"Powerful ocean waves fascinate the public, and they have made a lot of news lately." With that indisputable observation, scientist J. B. Zirker takes off on a whirlwind tour of the world of waves—from the “ordinary” waves that constantly churn the sea to the rogues or freaks that can rise up seemingly from nowhere to heights of 20 meters or more . . . and everything in between. Addressing questions most ocean visitors have had and offering new ones for our consideration, The Science of Ocean Waves explains in accessible language how waves are formed, how they move, how they become huge and destructive, and how they're being studied now for clues that will help us plan for the future. Devoting chapters to wind, tides, currents, breakers, tsunamis, forecasting, renewable energy, and El Niño—as well as discussing the gentler properties of ocean waves which inspire us and offer opportunities for relaxation and recreation—Zirker explores the physical factors that create waves. Drawing on some of the recent storms that have devastated entire regions—such as Hurricane Katrina, the tsunami launched by the 2004 Sumatran earthquake, and the great tsunami that crushed the shore of Japan in 2011—Zirker explains the forces that cause these monster waves and reveals the toll they take on human lives. Enhanced by more than 45 illustrations and a comprehensive glossary, The Science of Ocean Waves will fascinate anyone curious about the science behind the headlines. Praise for J. B. Zirker “Scientists know their stuff but are rarely good storytellers, whereas good storytellers rarely possess the necessary sweeping command of a scientific discipline. Zirker is that rare animal who can both communicate the most demanding technical detail and make it accessible.”—New Scientist

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Sublime Noise

Musical Culture and the Modernist Writer

Josh Epstein

When Stravinsky’s Rite of Spring premiered in Paris in 1913, the crowd rioted in response to the harsh dissonance and jarring rhythms of its score. This was noise, not music. In Sublime Noise, Josh Epstein examines the significance of noise in modernist music and literature. How—and why—did composers and writers incorporate the noises of modern industry, warfare, and big-city life into their work? Epstein argues that, as the creative class engaged with the racket of cityscapes and new media, they reconsidered not just the aesthetic of music but also its cultural effects. Noise, after all, is more than a sonic category: it is a cultural value judgment—a way of abating and categorizing the sounds of a social space or of new music. Pulled into dialogue with modern music’s innovative rhythms, noise signaled the breakdown of art’s autonomy from social life—even the “old favorites” of Beethoven and Wagner took on new cultural meanings when circulated in noisy modern contexts. The use of noise also opened up the closed space of art to the pressures of publicity and technological mediation. Building both on literary cultural studies and work in the “new musicology,” Sublime Noise examines the rich material relationship that exists between music and literature. Through close readings of modernist authors, including James Joyce, T. S. Eliot, Edith Sitwell, E. M. Forster, and Ezra Pound, and composers, including George Antheil, William Walton, Erik Satie, and Benjamin Britten, Epstein offers a radically contemporary account of musical-literary interactions that goes well beyond pure formalism. This book will be of interest to scholars of Anglophone literary modernism and to musicologists interested in how music was given new literary and cultural meaning during that complex interdisciplinary period.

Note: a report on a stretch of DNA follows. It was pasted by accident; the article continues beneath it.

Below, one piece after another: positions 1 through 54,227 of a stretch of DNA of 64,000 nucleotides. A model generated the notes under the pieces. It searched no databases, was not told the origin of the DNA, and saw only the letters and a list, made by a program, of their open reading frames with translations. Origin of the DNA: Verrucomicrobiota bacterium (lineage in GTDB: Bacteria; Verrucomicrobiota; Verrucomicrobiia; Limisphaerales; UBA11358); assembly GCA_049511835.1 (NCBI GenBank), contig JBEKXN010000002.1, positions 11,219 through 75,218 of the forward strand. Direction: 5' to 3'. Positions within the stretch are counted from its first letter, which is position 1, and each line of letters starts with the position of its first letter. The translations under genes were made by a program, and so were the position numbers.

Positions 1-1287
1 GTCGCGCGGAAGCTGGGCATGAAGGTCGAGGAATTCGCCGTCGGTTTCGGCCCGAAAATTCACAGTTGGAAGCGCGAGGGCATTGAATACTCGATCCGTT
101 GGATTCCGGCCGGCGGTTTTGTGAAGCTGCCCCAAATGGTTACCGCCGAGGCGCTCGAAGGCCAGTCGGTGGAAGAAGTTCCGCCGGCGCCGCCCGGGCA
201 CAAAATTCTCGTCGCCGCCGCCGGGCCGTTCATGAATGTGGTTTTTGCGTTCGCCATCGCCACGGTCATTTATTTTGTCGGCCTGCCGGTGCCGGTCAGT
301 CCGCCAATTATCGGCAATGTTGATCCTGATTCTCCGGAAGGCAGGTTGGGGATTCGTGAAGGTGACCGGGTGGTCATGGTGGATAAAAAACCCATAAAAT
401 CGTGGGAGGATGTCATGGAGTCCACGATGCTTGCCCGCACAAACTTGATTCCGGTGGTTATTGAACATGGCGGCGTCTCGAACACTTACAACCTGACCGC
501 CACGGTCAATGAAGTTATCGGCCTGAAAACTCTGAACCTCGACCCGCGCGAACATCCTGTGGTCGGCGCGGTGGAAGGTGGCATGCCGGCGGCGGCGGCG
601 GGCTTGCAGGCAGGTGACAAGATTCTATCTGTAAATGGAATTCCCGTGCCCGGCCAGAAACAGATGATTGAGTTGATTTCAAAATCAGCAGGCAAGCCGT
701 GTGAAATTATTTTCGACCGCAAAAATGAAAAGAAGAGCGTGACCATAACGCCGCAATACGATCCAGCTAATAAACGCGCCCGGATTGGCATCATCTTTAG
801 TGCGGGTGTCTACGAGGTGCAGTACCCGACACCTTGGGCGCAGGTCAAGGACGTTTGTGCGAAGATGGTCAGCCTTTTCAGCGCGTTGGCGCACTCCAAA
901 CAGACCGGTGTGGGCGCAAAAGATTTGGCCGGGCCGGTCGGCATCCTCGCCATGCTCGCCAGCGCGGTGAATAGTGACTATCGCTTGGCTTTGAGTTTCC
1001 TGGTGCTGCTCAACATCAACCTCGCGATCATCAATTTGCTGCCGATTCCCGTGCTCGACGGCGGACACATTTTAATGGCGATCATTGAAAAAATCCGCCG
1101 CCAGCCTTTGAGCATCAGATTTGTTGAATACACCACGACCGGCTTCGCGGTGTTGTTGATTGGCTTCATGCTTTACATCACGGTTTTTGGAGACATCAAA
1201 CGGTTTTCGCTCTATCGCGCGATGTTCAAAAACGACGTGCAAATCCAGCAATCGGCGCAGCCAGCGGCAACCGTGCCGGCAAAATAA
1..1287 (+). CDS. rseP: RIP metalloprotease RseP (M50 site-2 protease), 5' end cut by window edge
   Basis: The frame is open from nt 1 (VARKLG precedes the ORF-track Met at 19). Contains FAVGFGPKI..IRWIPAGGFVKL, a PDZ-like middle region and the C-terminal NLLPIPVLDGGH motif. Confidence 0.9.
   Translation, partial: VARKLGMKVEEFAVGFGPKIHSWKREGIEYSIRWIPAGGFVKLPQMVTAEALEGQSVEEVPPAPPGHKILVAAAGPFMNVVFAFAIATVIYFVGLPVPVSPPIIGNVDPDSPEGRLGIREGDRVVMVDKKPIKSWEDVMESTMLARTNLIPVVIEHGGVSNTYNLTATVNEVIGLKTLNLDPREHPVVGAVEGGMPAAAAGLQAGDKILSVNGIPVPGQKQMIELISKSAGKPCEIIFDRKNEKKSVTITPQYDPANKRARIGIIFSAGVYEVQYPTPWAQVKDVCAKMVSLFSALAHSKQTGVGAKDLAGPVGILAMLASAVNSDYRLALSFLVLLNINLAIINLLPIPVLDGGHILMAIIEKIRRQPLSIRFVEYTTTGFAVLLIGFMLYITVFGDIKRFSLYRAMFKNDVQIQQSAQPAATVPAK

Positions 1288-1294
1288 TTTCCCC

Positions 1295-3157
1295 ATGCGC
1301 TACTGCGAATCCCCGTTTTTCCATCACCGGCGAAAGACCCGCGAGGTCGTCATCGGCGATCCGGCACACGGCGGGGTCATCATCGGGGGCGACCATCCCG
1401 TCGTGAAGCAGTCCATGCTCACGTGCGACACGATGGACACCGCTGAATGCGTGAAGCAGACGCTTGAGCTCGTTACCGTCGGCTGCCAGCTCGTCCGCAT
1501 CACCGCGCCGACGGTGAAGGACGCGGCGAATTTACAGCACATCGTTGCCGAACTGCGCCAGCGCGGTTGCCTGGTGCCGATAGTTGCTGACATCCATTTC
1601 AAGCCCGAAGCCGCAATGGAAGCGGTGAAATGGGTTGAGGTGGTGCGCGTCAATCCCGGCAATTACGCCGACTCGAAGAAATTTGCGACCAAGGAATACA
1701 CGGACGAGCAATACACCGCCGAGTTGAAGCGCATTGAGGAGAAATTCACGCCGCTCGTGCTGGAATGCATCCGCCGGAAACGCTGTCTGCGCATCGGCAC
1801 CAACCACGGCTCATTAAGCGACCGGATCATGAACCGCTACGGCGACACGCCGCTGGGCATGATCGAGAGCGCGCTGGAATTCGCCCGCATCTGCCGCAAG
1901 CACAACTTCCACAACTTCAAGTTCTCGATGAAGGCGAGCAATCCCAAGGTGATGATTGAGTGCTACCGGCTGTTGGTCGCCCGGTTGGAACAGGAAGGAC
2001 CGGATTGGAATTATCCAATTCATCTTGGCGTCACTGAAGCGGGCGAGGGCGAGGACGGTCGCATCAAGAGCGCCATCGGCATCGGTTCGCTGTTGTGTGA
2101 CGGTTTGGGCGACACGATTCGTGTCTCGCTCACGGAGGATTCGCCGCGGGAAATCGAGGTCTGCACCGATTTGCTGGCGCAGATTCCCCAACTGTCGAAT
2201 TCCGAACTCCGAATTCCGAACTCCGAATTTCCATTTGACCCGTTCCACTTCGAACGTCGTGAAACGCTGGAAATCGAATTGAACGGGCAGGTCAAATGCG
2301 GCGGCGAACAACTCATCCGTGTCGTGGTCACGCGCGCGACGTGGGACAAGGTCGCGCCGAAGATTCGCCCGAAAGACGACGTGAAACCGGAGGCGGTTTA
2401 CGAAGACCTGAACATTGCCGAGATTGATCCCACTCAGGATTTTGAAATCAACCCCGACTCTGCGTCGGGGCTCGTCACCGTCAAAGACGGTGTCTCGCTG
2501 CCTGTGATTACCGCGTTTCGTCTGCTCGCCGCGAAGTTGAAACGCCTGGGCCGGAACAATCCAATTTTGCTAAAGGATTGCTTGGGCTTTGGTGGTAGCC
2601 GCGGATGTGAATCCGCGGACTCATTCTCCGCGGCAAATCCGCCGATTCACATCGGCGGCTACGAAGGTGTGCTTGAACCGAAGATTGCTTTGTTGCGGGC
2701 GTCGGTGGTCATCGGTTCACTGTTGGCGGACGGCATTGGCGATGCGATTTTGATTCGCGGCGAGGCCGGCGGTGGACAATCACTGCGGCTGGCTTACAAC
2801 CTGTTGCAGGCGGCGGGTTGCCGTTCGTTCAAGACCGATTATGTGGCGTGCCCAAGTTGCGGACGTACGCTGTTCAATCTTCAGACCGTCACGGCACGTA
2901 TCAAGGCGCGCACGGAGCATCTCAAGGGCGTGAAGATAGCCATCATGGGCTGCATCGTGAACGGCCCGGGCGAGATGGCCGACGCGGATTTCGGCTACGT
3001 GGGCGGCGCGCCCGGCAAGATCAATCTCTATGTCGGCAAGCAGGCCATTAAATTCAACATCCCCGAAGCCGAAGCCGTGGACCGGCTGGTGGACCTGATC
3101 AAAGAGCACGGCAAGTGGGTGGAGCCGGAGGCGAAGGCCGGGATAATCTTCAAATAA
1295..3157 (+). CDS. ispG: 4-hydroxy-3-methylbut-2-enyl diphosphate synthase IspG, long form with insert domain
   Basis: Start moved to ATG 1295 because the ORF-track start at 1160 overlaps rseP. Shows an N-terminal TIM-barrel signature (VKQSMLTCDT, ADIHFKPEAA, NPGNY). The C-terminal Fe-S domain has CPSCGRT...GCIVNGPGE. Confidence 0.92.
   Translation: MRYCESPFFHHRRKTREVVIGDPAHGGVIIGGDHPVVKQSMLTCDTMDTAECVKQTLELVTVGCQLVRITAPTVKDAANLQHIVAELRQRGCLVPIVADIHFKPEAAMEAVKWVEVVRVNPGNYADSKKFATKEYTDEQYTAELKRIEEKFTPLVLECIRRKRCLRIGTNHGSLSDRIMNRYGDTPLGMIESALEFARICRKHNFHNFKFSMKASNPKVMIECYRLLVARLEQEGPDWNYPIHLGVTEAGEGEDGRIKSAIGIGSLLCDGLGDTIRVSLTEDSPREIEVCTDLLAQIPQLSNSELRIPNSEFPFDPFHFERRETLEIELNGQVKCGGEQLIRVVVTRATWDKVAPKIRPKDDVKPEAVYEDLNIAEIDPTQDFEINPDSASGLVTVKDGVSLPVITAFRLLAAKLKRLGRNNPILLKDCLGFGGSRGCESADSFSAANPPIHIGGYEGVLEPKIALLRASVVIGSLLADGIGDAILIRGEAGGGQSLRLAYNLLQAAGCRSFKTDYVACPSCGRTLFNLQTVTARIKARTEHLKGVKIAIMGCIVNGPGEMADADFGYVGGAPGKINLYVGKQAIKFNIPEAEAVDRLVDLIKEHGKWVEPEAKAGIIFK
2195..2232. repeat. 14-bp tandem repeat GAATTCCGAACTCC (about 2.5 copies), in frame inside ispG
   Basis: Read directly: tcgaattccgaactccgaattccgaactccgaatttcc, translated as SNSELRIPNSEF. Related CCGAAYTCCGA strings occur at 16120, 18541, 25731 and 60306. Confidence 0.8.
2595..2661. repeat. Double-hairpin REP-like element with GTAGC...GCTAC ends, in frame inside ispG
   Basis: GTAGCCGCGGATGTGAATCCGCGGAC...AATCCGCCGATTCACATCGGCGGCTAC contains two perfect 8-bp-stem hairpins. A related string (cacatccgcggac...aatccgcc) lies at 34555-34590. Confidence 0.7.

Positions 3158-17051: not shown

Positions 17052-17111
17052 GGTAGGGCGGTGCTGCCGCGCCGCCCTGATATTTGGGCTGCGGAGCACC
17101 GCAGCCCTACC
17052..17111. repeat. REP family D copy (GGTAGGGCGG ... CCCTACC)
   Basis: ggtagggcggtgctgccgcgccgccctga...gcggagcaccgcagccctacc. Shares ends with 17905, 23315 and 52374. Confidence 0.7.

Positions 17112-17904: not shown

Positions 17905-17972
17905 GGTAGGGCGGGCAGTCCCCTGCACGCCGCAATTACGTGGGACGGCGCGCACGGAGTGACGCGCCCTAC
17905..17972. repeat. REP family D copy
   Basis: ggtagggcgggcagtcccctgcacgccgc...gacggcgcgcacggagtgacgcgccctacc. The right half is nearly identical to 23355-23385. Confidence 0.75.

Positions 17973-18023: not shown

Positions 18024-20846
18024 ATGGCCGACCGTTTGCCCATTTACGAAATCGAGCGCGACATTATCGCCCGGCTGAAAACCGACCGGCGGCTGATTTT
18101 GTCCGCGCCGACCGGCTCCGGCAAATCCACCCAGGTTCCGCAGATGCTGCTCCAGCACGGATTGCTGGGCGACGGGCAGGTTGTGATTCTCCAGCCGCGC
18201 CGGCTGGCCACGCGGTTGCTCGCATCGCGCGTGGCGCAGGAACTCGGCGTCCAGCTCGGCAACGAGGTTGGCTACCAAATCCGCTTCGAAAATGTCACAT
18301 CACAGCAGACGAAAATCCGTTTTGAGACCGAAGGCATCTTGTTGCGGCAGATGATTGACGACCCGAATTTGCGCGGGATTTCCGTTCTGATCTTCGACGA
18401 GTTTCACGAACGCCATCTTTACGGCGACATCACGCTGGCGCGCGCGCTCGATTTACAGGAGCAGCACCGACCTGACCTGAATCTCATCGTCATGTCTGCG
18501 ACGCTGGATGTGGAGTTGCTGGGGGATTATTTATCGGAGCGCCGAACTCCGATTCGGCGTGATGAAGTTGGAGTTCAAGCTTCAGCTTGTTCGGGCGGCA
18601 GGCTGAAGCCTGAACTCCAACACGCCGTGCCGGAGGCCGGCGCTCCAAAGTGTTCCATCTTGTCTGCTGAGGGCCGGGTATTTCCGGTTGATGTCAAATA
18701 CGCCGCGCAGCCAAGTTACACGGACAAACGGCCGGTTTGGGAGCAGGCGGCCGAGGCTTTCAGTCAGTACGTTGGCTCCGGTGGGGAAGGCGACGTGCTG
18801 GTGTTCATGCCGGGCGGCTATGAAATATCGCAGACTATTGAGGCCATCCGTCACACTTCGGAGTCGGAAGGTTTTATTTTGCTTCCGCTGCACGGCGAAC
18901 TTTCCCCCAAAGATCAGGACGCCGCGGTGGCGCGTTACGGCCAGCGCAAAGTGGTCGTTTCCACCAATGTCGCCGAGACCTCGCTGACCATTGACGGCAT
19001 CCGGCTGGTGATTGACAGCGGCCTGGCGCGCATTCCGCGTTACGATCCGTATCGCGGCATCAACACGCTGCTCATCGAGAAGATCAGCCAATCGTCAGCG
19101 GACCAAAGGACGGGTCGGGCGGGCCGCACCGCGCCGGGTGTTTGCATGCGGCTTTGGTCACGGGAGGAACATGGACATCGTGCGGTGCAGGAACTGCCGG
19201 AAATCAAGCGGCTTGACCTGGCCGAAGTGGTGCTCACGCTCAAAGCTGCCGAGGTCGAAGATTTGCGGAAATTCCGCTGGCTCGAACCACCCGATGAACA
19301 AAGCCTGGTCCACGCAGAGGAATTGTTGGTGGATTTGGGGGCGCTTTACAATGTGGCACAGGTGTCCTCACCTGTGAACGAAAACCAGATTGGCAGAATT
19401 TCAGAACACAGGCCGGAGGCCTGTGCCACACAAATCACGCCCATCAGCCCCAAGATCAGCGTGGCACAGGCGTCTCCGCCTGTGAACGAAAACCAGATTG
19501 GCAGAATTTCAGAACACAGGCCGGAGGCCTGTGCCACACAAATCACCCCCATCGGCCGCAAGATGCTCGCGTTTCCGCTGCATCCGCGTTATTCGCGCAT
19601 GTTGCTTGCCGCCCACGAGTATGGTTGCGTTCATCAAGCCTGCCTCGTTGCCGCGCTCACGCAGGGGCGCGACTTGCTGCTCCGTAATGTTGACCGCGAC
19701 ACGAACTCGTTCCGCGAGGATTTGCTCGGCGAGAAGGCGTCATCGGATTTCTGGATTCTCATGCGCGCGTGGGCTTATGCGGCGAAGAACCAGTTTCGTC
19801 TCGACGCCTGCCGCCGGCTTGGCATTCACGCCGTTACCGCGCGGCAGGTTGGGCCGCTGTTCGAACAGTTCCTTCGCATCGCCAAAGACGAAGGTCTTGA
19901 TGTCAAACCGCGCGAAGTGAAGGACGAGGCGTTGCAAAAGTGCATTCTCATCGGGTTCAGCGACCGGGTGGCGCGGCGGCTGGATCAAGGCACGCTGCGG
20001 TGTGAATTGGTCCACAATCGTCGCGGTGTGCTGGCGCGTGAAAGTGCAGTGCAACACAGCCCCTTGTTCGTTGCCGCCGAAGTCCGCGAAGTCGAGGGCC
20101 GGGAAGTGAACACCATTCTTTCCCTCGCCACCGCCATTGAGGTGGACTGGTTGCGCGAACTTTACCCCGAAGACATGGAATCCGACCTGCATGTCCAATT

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Transatlantic Aliens